Desperately seeking spring

my witch hazel buried under an ever-deepening drift.
my witch hazel buried under an ever-deepening drift.

After what seemed like a slow start winter has gotten stuck in a Ground Hog’s Day loop of snow and bitter cold. Here, that is. Not everywhere. It might be hard for New Englanders to believe that this winter ranks among the warmest on record but elsewhere winter has been weirdly spring-like. A discomfiting circumstance for anyone living in such a place who worries about a last minute freeze frying the apple blossoms. But such a treat for visitors from the winterlands.

Normally (if there is such a thing as normal anymore, anywhere) the Northwest Flower and Garden Show is timed, as they all are, to enliven a raw, dark winter and raise hopes for a shining spring. For many years, back when I lived in Seattle, I relied on the show to keep from losing my will to live. I paid what felt like a ransom to soak in the smells and burn colors onto my retinas. I stroked green growing things when no one was looking. Although I was a wannabe gardener hungry for information, I never even bothered to attend the lectures because I couldn’t bear to sit still in a dark room when there was so much blooming in another one.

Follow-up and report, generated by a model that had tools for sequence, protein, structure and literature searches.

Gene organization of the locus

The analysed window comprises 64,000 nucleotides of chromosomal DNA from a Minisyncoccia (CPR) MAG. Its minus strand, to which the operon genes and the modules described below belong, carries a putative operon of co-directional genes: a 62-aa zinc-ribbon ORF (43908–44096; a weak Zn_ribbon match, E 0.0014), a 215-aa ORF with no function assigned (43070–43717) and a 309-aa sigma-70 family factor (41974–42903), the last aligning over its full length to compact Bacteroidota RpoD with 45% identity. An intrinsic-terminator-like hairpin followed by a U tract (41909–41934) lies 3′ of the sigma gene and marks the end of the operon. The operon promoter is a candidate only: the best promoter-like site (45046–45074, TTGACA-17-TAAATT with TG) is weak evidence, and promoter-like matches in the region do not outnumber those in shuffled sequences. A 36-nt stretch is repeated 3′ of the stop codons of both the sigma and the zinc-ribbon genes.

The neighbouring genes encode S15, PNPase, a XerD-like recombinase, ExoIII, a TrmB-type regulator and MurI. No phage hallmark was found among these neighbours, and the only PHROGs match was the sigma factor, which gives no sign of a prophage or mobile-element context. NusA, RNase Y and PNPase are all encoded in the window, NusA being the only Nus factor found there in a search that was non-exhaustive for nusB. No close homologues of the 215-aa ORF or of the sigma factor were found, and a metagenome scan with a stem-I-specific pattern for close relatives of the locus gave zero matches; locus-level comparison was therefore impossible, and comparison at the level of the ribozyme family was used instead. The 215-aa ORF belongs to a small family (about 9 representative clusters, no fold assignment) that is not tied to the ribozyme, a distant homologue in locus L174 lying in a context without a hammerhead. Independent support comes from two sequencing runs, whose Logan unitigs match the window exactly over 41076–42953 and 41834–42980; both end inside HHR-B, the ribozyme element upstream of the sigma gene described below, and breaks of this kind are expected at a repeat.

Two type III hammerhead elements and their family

I timed my trip back this year (after way too long) to coincide with the show. And call me crazy, but I only spent a whirlwind morning taking it in (with Slow Flowers superstar Debra Prinzing as my guide!) because it was hard to enjoy spotlit dreamscapes, pretty as they were, when the real outdoors was bright and blooming. I neither gave a lecture nor attended one. I would kick myself now if I hadn’t been able to gather inspiration, information, and joie de vivre in mossy Ravenna Park, Pike Place Market, the Carl S. English Jr. Botanical Garden at the Ballard Locks (where Z and I kept off the grass and forgot to feed the parking meter), the Volunteer Park Conservatory, along sidewalks of my favorite neighborhoods, and from my best friend’s front porch.